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Escalating Counterfeit Food Incidents Emerge in Gauteng



Escalating Counterfeit Food Incidents Emerge in Gauteng

Johannesburg is grappling with the detrimental impacts of expired foods and counterfeit goods, causing substantial economic losses and jeopardising livelihoods. Tax Justice South Africa (TJSA) and the SA Revenue Services are paying attention to this critical issue as reported by IOL.

TJSA underscores that the proliferation of illicit products peddled in streets, tuck shops, and various locations is draining the country’s resources. Their estimates reveal that without the surge in illegal trade, the nation’s coffers could see an additional influx of R12 billion for education, R6.5 billion for healthcare, and another R6.5 billion for community development initiatives every five months.

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Earlier this year, Independent Media exposed South Africa’s economy as haemorrhaging billions annually due to the rampant sale of counterfeit goods, including fake foods, and activities like illegal mining, bootleg alcohol, fuel, and illicit cigarettes. A report jointly released by the Transnational Alliance to Combat Illicit Trade (Tracit) and Business Unity South Africa highlighted the dangerous impact of illicit trade on the economy.

Esteban Giudici, a senior policy adviser at Tracit, emphasised that corruption, which aids the illicit trade, remains a formidable challenge and is insufficiently addressed. This sentiment was echoed by Minister of Police Bheki Cele, who spearheaded Operation Shanela, targeting counterfeit products within Johannesburg’s CBD.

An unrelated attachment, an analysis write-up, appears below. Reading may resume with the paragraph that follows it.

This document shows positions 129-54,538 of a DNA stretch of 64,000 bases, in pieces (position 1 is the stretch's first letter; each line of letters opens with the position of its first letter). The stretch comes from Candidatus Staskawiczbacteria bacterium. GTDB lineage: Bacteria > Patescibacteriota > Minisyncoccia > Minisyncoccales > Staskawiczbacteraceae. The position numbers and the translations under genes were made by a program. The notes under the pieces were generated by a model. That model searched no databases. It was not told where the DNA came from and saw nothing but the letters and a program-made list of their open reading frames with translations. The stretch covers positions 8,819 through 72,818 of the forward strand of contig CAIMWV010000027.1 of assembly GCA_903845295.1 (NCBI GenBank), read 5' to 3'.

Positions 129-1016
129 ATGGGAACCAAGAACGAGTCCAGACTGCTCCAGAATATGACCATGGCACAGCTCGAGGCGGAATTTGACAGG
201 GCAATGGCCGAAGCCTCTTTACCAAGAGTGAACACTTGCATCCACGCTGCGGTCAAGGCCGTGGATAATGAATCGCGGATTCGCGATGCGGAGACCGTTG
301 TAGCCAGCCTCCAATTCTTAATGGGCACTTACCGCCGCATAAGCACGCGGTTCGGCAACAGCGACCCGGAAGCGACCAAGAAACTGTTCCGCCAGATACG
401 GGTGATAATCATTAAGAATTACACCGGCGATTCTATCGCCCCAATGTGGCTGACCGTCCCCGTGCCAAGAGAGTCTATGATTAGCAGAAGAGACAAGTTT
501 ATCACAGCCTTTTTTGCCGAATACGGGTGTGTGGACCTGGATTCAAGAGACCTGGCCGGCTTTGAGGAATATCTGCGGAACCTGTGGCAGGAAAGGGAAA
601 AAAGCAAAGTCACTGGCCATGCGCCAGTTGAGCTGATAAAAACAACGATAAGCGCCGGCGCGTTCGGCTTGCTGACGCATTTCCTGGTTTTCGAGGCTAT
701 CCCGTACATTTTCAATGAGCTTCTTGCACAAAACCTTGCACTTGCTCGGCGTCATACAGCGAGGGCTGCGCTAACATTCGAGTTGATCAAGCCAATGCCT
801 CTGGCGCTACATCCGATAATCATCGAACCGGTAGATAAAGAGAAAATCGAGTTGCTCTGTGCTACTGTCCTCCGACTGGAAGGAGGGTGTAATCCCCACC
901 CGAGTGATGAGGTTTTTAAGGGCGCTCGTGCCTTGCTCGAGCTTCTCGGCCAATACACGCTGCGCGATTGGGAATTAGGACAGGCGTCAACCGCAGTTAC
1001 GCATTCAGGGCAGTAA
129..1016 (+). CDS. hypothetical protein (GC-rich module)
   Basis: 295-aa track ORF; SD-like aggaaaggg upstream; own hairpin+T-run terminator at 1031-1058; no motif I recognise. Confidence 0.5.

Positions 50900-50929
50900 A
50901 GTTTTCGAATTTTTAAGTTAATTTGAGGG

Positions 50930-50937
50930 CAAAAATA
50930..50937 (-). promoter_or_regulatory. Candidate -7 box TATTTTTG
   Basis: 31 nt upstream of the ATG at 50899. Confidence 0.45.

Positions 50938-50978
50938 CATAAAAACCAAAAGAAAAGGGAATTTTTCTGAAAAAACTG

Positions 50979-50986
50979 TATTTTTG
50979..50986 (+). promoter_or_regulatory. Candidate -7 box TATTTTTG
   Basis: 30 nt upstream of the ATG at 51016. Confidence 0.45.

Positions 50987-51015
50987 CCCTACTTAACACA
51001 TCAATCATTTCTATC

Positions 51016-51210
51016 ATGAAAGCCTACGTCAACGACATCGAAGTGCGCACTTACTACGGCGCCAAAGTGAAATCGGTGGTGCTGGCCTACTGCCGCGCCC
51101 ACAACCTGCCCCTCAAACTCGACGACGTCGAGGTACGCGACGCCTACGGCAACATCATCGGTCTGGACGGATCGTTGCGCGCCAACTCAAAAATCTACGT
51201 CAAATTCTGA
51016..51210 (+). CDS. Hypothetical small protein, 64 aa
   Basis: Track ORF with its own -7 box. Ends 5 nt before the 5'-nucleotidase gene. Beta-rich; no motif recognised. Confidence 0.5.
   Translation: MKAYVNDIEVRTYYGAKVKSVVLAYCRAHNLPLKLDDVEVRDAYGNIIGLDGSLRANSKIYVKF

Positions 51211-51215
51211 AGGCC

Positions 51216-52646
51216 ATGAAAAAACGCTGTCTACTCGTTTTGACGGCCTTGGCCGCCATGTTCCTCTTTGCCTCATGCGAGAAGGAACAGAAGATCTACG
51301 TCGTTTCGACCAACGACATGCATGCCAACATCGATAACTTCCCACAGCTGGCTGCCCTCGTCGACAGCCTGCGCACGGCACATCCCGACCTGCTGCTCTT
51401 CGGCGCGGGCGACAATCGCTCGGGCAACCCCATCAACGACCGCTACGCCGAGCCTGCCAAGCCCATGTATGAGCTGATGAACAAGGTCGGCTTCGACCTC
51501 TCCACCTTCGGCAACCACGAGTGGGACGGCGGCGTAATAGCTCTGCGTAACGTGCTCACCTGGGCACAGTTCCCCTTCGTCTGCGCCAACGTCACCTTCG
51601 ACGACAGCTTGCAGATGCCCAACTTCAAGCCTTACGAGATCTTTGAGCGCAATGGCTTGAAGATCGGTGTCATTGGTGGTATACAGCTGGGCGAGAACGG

Cele emphasised the country’s struggle against counterfeit goods and the presence of illegal foreign nationals renting business spaces to vend counterfeit and expired food items, among other products, to locals.

Recent actions by the South African Police Service (SAPS) saw raids on illegally occupied structures in the inner city. A subsequent manhunt targeted individuals leasing buildings within Johannesburg’s CBD for the sale of counterfeit goods. Multiple arrests were made during these operations, unearthing fake IDs, passports, and other counterfeit items.

The complexity arises from legal building ownership but leasing to undocumented residents engaging in illicit activities. Operation Shanela’s launch yielded the confiscation of various goods, including skin-lightening creams and sexual performance enhancement pills.

Collaboration between the Police Ministry, Home Affairs, and Labour Department underscored the seriousness of the issue.

Cele highlighted the next phase – identifying individuals who lease buildings to those vending counterfeit goods. He emphasised that these operations were part of a broader crackdown on illicit activities in hotspots such as Johannesburg’s CBD.


Recent police activities also unearthed significant counterfeit goods and illicit cigarettes, amounting to over R1 million. In a separate incident, police in Westenburg, Polokwane, discovered a prevalence of illegal immigrants, many of whom were selling expired products. Tuck shops owned by Bangladeshi and Pakistani nationals were reported to commonly stock expired items.

Reports indicated that inadequate food inspectors are available to monitor the multitude of tuck shops selling counterfeit and expired goods. Cele expressed his astonishment at South African-owned shops being leased to illegal immigrants for the sale of fake and expired products.

His contention was that these shops, owned by South Africans, should be made available to those who can utilise them legitimately. The imperative is to address the issue holistically, given its potential to impact not just the present but also the future fabric of society.

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Interception of 67 Pakistani Nationals at OR Tambo Airport


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Photo: Facebook / @IOL News

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